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A quarter of US hiring managers discriminate against Jews, survey shows

Workplace antisemitism is pervasive, according to the poll of hiring managers.

Conference room. Credit: Pixabay.
Conference room. Credit: Pixabay.

A quarter of hiring managers say they are less likely to move forward with Jewish applicants, according to a survey conducted by a San Francisco-based employment resource firm.

In light of recent high-profile cases of antisemitism in the U.S., polled 1,131 recruiters. Twenty-three percent say they want fewer Jews in their industry, while 17% add that managers have told them to avoid hiring Jews.

The top reason for discriminating against Jews, the results show, is a supposed fear of their “power and control,” with 38% of hiring managers citing that excuse. Recruiters also justified discrimination by claiming that Jews consider themselves the “chosen people” and they have too much wealth, in addition to listing that “Jews are greedy,” “Jews killed Jesus,” “Jews are an inferior race,” “Jews are oppressors” and “Jews are less capable.”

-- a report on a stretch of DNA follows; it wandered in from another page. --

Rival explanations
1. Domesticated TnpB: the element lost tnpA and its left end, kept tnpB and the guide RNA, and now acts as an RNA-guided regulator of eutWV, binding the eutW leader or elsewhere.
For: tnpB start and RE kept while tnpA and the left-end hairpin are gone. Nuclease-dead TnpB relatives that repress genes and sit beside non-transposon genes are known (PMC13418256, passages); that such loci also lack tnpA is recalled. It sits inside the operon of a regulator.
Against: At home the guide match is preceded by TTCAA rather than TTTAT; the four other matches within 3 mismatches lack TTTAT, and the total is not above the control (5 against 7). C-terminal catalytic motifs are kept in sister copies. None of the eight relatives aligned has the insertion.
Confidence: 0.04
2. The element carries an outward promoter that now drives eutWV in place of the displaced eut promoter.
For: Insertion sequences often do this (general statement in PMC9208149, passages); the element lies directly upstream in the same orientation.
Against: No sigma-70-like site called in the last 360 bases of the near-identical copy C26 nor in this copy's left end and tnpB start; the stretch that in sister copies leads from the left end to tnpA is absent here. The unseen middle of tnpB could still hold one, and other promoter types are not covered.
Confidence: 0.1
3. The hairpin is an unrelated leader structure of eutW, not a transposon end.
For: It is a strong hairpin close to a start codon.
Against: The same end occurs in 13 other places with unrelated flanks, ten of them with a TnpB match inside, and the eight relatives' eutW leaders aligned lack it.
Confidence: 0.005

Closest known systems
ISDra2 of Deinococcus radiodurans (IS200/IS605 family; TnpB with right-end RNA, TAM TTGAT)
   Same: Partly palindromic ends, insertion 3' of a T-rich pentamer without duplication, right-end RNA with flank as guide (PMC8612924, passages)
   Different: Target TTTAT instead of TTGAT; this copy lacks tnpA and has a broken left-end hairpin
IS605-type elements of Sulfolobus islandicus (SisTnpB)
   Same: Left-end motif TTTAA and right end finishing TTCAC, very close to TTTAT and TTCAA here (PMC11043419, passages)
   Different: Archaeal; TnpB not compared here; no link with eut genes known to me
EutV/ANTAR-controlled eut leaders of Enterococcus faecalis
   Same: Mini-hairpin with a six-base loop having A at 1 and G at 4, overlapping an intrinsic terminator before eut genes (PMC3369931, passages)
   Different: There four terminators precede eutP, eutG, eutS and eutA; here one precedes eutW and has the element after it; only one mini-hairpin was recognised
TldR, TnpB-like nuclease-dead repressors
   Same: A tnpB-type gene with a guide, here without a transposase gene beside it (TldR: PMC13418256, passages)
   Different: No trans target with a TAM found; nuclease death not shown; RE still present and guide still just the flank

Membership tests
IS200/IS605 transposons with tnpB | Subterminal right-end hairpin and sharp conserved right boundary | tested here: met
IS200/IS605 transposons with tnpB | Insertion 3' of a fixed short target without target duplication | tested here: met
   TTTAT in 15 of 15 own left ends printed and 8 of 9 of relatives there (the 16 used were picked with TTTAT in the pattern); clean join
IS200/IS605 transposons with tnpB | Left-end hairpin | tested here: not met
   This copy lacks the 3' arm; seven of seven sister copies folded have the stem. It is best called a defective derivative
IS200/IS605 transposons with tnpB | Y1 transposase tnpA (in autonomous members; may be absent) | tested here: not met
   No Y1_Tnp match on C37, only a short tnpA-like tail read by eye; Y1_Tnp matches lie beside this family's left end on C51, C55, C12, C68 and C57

“In this era of fighting for equality in hiring, Jewish individuals have largely been left out of the conversation and the issue of antisemitism has, for the most part, gone unaddressed,” said Stacie Haller, executive recruiter and career counselor. “Antisemitism in the workplace starts at the hiring process with individuals who do not want to hire Jews because of bigoted stereotypes, but that is not where it ends.”

Among current employees, 33% said that workplace antisemitism is frequent and 29% said that antisemitism is acceptable within the company that employs them, according to the survey.

While 56% of hiring managers understood that candidates were Jewish because they had confirmed it themselves, 33% said they identified their Jewishness by their last names and 26% of hiring managers make decisions about who is Jewish based on a candidate’s appearance, the survey found. Some recruiters said they had identified Jewish candidates by their “voice,” their “mannerisms,” or because, “they are very frugal.”

Said Haller, “Organizations need to commit to oversight, training and having meaningful conversations about antisemitism. Removing prejudice and ensuring the workplace is equal, fair and accessible for all is not an easy challenge for organizations to tackle, but it’s absolutely essential.”

There does appear to be some room for optimism, however. Thirty-one percent of those surveyed claim their attitude towards Jews has improved over the last five years. Nine percent say their attitudes towards Jews have worsened, though, while 60% noted no change.

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